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Lawsuit alleges Keith Gill ‘is no Robin Hood’ and made more than $48 million for himself
One of the principal figures in a group of Reddit investors who drove a huge surge in GameStop’s share price in January is being sued in federal court, in a class-action complaint alleging securities fraud.
The lead plaintiff, a Washington state investor, suffered “substantial financial losses,” when he used $200,000 to make a short-selling speculation against GameStop’s price, when the company’s stock was below $100. It then went skyrocketing to a record closing price of $347.51 on Jan. 27, in a story that caught mainstream media’s fascination for more than a week.
The lawsuit says Keith Gill of Massachusetts — known on Reddit as “DeepFuckingValue” and on YouTube as “Roaring Kitty” — is a shrewd investor representing himself as an average joe who beat big-time investors at a shady game. The lawsuit says Gill instead made $48 million, cashing out from his day job as a licensed trader with MassMutual in Boston.
The individual suing Gill, Christian Iovin, alleges Gill was illegally manipulating GameStop’s share price by encouraging his YouTube and Reddit audience to hold all their shares of GameStop, causing what’s called a “short squeeze” that artificially spiked the price.
“Gill, however, is no amateur (and no Robin Hood),” says the lawsuit. “For many years, he actively worked as a professional in the investment and financial industries. He holds extensive securities licenses and qualifications, including a securities principal and supervisory management license and a Charted Financial Analyst license. Indeed, at the time Gill was inciting the market frenzy with his fake persona, he was licensed by MML as a registered representative (i.e., a securities broker), and he was employed by MassMutual as a ‘Financial Wellness Director.’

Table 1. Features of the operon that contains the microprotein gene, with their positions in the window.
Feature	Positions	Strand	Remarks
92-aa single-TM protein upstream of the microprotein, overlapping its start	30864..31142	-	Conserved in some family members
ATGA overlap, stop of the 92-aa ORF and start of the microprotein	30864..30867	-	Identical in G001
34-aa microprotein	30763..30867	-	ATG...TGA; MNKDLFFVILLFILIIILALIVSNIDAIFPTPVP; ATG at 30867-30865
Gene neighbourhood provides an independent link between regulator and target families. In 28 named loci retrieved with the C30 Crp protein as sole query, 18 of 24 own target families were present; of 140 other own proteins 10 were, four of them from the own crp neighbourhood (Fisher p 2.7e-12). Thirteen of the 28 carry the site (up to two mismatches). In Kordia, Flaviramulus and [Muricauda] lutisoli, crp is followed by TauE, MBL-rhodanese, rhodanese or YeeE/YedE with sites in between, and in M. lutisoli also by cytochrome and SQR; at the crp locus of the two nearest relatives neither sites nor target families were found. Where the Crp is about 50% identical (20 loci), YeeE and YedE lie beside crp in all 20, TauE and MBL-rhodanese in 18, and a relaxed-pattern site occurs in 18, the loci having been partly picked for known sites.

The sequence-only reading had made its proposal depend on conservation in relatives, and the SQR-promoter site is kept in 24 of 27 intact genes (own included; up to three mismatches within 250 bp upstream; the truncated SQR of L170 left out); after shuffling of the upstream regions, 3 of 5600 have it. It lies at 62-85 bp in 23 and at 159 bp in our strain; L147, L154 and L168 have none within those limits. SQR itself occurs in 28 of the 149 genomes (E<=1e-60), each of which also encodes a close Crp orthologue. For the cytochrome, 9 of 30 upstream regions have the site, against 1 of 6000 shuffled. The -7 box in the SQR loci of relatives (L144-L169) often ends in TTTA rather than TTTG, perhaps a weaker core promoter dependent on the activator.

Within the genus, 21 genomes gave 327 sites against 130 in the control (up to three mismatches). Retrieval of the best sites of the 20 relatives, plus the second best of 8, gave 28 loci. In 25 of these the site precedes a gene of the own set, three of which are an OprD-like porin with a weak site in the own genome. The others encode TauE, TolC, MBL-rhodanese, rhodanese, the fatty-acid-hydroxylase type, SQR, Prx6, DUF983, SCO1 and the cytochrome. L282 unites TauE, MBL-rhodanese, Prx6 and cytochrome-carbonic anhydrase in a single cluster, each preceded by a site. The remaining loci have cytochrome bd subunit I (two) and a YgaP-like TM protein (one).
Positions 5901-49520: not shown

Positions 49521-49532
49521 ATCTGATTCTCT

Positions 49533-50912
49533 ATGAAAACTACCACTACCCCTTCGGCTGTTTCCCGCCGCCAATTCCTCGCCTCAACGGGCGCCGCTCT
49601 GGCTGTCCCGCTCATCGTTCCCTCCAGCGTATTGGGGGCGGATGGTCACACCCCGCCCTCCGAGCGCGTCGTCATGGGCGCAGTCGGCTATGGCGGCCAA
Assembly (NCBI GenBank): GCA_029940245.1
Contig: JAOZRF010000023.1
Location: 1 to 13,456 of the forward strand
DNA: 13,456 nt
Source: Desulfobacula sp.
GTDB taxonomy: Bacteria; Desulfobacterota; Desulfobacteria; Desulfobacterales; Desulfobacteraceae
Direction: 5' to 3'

Iovin’s suit also names MassMutal as a defendant, and alleges it had a responsibility to supervise and control Gill up to the day he resigned (on Jan. 28). Iovin does not say what his actual damages were; with short-sellers effectively betting the price of GameStop stock would go down, their losses spiraled out of control. In one well-known example, the hedge fund Melvin Capital needed a $2.75 billion infusion of capital when it finally got out of the stock position.
On Feb. 3 The New York Times reported that Massachusetts’ attorney general had subpoenaed Gill and was investigating his day job’s role in the GameStop surge. And on Thursday, Gill and the chief executives of Reddit and the trading app Robinhood are due to appear before the House Financial Services Committee.
GameStop is currently trading around $45 a share.